The transition from fee for service (FFS) to an outcomes-based pay for performance system (PFP) is a key driver for healthcare transformation. Implementing this will require changing the way providers are reimbursed. Performance-based contracts share risk between the customer (payer) and the vendor (provider), as opposed to time and materials billing where the customer bears all the risk for performance e.g., a FFS payment schedule. Coordination of services was done by the payer, leading to potential gaps in information sharing and sub-optimal treatment. The industry is slowly concluding that healthcare services are not effectively administered as time and materials, and in order to deliver optimal outcomes an alternate view of case-based medical services requiring coordination and collaboration across a wide variety of providers and care settings is required.
In time and materials reimbursement, effective utilization of volume discounts to standard rates requires explicit coordination for each provider of each service. Where do these contracting terms impact regular customers? The poster-child example is the anesthesiology claim associated with a surgery. Surgeries and hospitalizations are managed for customers via utilization management processes, separately from anesthesiology services. The patient has little awareness that the anesthesiologist may not have a contract with the payer. As a result, the claim for this service is denied (non-contracted service) and the member receives a bill for the value of these services. The situation could be avoided if providers and payers had aligned incentives. Regulatory and market pressures are slowly ensuring aligning incentives and the result is performance-based contracting: all forms of which include transferring coordination of care from the payer to the provider.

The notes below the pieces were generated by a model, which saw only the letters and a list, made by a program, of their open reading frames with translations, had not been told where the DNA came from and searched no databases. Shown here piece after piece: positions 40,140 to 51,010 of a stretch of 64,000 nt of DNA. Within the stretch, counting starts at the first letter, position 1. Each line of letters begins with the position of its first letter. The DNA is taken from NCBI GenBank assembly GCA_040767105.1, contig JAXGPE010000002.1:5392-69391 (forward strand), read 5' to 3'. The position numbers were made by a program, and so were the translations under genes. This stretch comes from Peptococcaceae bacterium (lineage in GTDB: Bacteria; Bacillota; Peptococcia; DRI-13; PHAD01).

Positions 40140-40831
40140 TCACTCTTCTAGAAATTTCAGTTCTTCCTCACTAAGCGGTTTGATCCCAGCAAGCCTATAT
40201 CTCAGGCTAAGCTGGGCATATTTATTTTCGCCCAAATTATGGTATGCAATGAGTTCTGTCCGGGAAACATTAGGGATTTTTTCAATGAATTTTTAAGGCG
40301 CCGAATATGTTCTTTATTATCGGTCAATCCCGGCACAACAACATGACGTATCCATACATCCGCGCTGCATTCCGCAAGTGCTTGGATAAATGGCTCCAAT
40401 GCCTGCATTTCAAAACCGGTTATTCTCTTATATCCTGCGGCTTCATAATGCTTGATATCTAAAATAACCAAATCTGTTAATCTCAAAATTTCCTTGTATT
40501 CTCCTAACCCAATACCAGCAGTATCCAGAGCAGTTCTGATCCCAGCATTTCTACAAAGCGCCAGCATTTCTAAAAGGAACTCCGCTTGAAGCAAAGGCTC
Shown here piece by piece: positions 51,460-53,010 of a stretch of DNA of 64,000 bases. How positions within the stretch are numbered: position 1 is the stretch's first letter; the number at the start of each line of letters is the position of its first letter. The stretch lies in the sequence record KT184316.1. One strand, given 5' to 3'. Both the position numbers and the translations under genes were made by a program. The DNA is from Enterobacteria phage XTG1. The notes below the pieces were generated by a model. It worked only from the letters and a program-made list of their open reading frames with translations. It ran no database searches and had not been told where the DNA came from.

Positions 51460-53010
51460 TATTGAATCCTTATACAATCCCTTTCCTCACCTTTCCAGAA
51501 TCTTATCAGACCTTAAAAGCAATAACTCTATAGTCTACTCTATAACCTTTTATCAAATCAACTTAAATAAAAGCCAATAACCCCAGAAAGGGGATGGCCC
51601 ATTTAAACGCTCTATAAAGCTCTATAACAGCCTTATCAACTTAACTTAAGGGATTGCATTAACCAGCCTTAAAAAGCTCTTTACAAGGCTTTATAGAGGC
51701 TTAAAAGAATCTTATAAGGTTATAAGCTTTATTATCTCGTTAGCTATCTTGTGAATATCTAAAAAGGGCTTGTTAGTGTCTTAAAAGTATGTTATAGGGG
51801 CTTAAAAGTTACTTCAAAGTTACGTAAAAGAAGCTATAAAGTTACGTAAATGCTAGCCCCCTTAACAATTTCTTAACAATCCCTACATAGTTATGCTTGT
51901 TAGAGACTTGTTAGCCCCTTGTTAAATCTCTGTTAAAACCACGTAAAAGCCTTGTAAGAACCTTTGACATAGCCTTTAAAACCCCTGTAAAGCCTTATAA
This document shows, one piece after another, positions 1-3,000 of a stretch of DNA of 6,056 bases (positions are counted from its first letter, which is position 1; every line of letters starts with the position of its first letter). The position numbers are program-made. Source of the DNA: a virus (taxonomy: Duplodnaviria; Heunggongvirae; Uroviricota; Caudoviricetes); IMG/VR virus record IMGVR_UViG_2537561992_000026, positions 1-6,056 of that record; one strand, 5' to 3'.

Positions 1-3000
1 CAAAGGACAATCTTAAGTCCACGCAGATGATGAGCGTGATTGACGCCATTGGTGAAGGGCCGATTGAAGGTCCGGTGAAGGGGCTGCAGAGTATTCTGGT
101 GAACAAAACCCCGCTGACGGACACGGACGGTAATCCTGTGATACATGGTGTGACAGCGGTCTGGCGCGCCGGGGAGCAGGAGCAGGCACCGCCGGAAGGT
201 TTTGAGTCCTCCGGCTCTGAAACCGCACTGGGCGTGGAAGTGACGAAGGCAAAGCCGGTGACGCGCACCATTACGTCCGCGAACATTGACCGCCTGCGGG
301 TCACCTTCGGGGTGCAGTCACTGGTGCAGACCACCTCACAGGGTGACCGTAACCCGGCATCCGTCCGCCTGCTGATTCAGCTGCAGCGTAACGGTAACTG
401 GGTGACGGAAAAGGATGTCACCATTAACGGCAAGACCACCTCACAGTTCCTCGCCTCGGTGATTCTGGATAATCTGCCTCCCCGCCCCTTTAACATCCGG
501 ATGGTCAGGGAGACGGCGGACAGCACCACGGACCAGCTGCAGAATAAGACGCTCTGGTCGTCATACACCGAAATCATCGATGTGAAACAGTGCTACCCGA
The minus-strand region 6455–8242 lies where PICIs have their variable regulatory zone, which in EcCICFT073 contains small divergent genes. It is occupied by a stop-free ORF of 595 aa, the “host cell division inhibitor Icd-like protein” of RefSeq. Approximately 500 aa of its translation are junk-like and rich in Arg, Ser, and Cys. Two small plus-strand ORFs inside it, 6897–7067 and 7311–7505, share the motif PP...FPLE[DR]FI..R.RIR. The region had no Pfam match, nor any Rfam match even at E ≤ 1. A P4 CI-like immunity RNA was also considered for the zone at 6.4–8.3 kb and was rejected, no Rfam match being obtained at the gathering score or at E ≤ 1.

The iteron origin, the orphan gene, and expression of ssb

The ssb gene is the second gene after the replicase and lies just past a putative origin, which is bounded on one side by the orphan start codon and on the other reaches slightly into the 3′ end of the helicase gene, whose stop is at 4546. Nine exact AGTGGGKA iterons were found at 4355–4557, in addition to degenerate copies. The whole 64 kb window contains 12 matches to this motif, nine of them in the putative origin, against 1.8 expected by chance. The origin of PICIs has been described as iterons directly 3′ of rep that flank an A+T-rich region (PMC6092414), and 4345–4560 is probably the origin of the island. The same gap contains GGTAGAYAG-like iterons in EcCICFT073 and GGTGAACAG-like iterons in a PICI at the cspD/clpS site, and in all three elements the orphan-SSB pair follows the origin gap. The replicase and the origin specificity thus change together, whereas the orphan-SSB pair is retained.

Organizationally, there is now an incentive for payers and providers to move closer to each other. Kaiser Permanente and Geisinger Health System, two integrated payer-provider organizations, already embody that convergence. How are other players in the market trying to achieve this convergence? Some interesting examples that are coming to light are:
- Payers are offering care coordination, management and wellness services to provider organizations and clinically integrated networks, linking payments to achievement of cost and quality targets via ACO contracts. Discounted rates are being offered by providers in recognition of the value of this payer investment, for example Tufts Health Plan with Steward Health Care
- Payers and Providers are creating joint ventures to target specific needs, e.g., Aetna and Innova Health collaboration on disease management
We are likely to see deeper collaboration among payers and providers – beyond coordinated administration of health services:
- End to End Visibility for the Consumer – cost transparency and visibility across the entire care continuum – across care delivery, coordination and wellness.
- A deep understanding of the consumer – The ability to leverage analytics to identify, segment and stratify patients and generate insights based on EMR and claims data.
- Personalized interactions with the customer – leveraging customer insights to design personalized care plans, benefits and products and “next best action” during the sales process.
- A two-way learning system – Learning related to effectiveness interventions across care contexts can help design incentives and contractual relationships.
Supporting these goals in a changing healthcare system requires a flexible and configurable BPM/Rules system which is “built for change” and captures healthcare context and decision-making in a manner easily understandable and configurable by the business and clinical user. Payers and providers would do well to invest into these types of platforms to prepare for the future!